Sen. Curtis Hertel, Jr. (D) 'Voted No'
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House Bill 5404: Create school choice tax credit and K-12 scholarships
Passed 55 to 48 in the House on October 19, 2021
The House version of the school choice tax credit bill described above.
Rep. Sarah Anthony (D) 'Voted No'
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Senate Bill 637: Add social/therapeutic welfare provisions to 9-1-1 call responses
Passed 36 to 0 in the Senate on October 20, 2021
To authorize state grants to local governments, with the amounts determined using criteria devised by a particular social-welfare organization. This would pay for sending one or more “community crisis responder clinicians or community crisis responder peers” on 911 calls, who among other things would do “ screening and assessment” for referral of individuals to “mental health, substance use disorder, social, health, or other services and supports as needed.” Reportedly there are 51 organizations that would be the ultimate recipients of the money.
Sen. Curtis Hertel, Jr. (D) 'Voted Yes'
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House Bill 4637: Authorize process to change township’s name
Passed 36 to 0 in the Senate on October 19, 2021
To establish a process to allow a township to change the township’s name. Two thirds of the township board would have to agree to put the question on the ballot in a regular November or August election, and voters would have to approve it.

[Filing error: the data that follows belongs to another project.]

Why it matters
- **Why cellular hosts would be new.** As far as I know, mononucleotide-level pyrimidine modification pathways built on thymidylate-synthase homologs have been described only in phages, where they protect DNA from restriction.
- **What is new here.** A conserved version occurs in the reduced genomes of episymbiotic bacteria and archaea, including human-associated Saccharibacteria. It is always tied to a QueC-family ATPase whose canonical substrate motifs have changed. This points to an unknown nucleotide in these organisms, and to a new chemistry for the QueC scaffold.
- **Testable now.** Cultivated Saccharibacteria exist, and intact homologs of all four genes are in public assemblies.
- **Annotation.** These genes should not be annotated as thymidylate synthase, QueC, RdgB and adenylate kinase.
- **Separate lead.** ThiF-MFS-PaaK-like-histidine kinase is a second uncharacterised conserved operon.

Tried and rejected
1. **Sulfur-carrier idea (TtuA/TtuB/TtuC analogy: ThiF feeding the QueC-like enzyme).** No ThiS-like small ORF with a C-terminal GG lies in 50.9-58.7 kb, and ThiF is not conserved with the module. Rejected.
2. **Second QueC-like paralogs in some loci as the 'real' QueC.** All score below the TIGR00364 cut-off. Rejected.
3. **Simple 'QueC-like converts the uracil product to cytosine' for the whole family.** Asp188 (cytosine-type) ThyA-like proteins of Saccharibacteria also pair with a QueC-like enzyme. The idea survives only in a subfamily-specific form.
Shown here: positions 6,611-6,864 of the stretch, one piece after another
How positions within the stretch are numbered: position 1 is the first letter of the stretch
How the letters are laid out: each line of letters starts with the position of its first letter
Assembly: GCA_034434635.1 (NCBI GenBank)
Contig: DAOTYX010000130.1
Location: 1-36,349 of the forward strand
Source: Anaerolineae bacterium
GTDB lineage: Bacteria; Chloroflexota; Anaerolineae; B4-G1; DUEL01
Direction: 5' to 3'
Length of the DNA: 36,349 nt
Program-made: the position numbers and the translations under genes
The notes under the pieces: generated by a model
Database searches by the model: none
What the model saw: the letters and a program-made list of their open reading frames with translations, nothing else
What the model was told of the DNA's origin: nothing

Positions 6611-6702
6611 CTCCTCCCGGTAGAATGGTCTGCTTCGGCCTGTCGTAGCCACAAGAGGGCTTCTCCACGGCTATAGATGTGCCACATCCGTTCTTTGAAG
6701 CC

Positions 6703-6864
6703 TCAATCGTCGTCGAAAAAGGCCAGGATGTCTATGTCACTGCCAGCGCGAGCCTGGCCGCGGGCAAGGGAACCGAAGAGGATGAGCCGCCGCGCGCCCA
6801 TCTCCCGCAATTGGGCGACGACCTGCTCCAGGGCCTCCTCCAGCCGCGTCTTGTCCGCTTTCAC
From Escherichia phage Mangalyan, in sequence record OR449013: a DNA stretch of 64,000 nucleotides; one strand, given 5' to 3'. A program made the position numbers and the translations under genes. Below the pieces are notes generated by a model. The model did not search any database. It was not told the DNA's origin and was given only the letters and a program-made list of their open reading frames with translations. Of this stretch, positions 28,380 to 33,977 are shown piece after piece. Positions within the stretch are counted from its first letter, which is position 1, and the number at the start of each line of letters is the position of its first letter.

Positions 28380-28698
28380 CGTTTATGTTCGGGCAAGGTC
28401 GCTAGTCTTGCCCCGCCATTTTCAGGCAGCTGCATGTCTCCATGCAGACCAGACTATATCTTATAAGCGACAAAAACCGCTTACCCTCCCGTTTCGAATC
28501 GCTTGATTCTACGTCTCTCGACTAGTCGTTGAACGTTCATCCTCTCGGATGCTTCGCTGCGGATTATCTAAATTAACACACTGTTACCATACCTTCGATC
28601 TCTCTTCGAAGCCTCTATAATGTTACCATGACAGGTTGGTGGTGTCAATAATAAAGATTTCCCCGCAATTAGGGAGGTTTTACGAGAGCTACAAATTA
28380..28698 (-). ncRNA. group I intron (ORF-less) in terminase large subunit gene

Sen. Curtis Hertel, Jr. (D) 'Voted Yes'
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House Bill 5080: Exempt delivery and installation costs from sales tax
Passed 69 to 34 in the House on October 19, 2021
To exempt from sales tax the delivery and installation costs necessary to complete a purchase, which are taxable under current law.
Rep. Sarah Anthony (D) 'Voted No'
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House Bill 4801: Impose licensure mandate on paid electric vehicle charging services
Passed 85 to 18 in the House on October 19, 2021
To impose a new licensure and $75 per charger fee regime on paid electric vehicle charging services.
Rep. Sarah Anthony (D) 'Voted Yes'
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House Bill 4712: Retroactively increase state subsidies for a particular developer
Passed 29 to 7 in the Senate on October 13, 2021
To retroactively make a particular developer’s project eligible for increased “refundable” state business tax credits under a suspended program that authorized actual cash payments from the state treasury to a relative handful of companies and developers approved by state officials. The bill would allow the particular developer to "shuffle" the credits/subsidies he was granted between two separate projects in a way that maximizes how much is collected.
The bill would also increase the total subsidies the developer will receive, and allow another five years to complete the project. The House Fiscal Agency estimates this will result in a $12.8 million increase in either foregone state revenue, or in actual cash disbursements to this developer.